Come to the cabaret...
Su Carroll meets a very special group of people planning a night out with a Funky Llama.
Luke loves the theatre, but it's difficult for him to enjoy performances. "I have a startle reflex, I've had it since birth. It's part of my cerebral palsy," he says. "In a wheelchair you're forced to sit right at the front and if there's a loud bang, I jump. I can't help it and it makes me feel self-conscious."
Luke and many other disabled people find themselves disenfranchised from so many areas of life. Access to the arts is just another obstacle for them.
The Theatre Royal in Plymouth is working hard to make it less of an issue – for people in wheelchairs, those with learning disabilities or the blind or deaf.
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The theatre reopened this month with improved access for all – a level entrance, ramps etc.
But sometimes, with the best will in the world, that's not enough for people like Luke. What he needs is a llama... and a funky one at that.
Funky Llama started out as a one-night cabaret in The Drum in 2010, but four-year funding of £269,000 from the Big Lottery's Reaching Communities fund has given it a longer life.
With huge support from the theatre and its staff, there will be a whole night of music, comedy, dance and surprises next week.
The Funky Llama Cabaret Night is the culmination of a lot of hard work.
"It's a much bigger project and there are lots of different strands to it. The event strand is the cabaret night," says Funky Llama project producer Becky Chapman.
"Part of the purpose is to offer a platform for artists with learning disabilities. We are trying to start to build a national network of performance artists and develop facilities for training our crew, front of house, stage management and backstage.
"We've also got a team doing marketing – making posters and running our Facebook campaign.
"We've got Too Hot for Candy coming from London to perform at the Funky Llama Club Night, alongside local group Samba Roc and our very own Funky Llama dancers and singers."
The cabaret evening, at the Theatre Royal Plymouth's production facility TR2, will be hosted by adults with learning disabilities who promise a friendly welcome to guests.
The Funky Llama project has also delivered a benefit to the theatre – a way of training staff to help people with disabilities enjoy their visits to the theatre more.
"That's another strand – to support professional development for services to deliver performing arts activity," says Becky. Partners in Funky Llama are Attik Dance and Plymouth Music Zone and Becky has been working with other groups including Dame Hannahs at Ivybridge and Seale Hayne, the Wheelfever community dance project in Plymouth and the charity Scope.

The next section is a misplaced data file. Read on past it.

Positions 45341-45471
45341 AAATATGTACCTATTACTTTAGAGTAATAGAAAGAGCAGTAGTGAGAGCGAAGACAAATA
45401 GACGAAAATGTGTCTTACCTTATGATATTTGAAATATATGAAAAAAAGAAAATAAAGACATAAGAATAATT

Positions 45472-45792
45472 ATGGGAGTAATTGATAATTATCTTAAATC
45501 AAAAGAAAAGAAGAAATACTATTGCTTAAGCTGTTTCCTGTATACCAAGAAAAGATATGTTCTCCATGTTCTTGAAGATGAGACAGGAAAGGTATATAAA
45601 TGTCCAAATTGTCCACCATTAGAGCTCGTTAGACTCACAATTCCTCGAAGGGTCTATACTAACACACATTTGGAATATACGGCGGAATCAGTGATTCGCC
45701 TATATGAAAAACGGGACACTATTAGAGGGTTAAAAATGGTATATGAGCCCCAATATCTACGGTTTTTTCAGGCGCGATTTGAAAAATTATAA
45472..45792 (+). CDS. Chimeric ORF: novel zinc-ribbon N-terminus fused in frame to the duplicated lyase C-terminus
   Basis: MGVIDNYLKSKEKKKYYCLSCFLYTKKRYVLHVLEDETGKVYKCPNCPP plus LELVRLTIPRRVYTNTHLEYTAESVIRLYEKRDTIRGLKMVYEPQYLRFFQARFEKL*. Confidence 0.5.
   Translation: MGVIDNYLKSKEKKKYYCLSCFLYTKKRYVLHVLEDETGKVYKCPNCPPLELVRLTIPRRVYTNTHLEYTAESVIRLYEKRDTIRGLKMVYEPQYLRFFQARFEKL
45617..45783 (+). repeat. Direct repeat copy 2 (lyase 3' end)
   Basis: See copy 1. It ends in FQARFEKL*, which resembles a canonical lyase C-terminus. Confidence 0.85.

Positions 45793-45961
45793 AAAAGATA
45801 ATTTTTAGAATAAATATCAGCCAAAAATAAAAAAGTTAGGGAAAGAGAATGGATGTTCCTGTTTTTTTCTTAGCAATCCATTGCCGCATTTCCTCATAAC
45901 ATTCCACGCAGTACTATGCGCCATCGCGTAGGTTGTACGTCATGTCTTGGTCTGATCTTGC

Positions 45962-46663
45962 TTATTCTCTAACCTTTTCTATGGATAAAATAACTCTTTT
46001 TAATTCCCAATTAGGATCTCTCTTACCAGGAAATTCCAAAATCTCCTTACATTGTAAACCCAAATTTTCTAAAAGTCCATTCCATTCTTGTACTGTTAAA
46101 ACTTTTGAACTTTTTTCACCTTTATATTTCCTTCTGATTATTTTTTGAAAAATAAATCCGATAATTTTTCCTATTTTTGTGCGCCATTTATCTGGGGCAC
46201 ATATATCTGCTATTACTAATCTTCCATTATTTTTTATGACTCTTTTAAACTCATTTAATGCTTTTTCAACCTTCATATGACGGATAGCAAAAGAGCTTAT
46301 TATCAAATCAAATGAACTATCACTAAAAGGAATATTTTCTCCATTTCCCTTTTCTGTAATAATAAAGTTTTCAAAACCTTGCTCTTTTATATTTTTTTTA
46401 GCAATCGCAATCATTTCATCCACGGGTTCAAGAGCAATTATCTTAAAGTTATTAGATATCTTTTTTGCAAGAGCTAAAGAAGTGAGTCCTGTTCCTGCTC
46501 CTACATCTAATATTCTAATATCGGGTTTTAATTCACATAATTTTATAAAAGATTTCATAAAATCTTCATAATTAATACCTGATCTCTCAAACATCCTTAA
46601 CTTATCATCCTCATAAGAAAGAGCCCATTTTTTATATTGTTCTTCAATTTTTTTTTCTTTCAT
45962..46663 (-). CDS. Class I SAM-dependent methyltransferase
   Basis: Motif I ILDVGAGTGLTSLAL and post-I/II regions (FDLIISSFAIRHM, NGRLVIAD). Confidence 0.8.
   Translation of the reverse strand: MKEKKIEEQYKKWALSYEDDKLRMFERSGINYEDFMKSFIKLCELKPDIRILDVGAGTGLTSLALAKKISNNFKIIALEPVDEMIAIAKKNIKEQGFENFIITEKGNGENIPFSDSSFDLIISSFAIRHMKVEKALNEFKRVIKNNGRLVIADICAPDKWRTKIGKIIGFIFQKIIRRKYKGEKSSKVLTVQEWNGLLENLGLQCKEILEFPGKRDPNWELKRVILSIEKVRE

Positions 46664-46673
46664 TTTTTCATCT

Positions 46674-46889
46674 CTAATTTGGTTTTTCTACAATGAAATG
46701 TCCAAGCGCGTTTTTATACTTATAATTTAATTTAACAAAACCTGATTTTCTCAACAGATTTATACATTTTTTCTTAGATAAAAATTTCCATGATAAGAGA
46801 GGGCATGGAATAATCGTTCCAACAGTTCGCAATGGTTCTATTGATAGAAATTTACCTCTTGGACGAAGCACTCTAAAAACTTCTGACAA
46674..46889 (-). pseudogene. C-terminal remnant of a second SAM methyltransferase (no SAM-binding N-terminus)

"It's also about educating people who have control of budgets so that they understand what is possible," says Becky. "Part of the Funky Llama experience is about training for support workers, care staff and parents about how the arts work."
For Luke, it's a way to express himself through the music he loves. "It's really helped me in a big way," he says. "It started with the music, but then I got involved in the management of the project. It's really helped to improve my skills.
"I'm lucky. I'm quite good at communicating my ideas and stuff. I don't really have any issues regarding that.
"I hope the project improves people's understanding of disability. I hope it won't just get the support of the disability community, but also integrate with able-bodied people.
"It's about integration and I'm very impressed with the way the Theatre Royal has been attempting to embrace disability."
Chris, who is on the autistic spectrum, says there should be more understanding about disability. "Funky Llama enables people to become people," is how he puts it. Both he and Luke say Funky Llama has helped them feel more confident.
The staff at the Theatre Royal are benefiting too. House manager Helen says they will be making sure everyone has a really good evening in a safe environment.
"The Funky Llama crew have been absolutely brilliant. We're really looking forward to the event. For the staff it will be a chance to put what they've learned into practice. We're building an audience for the future who wouldn't have access otherwise."
"It's a great project to get involved in," says Luke. Chris agrees: "There will be lots of surprises... And a lot of smiling faces..."
The Funky Llama Cabaret Night is at TR2 in Cattedown, Plymouth, on Thursday, October 17, from 7pm to midnight. Tickets can only be booked by phone on 01752 267222.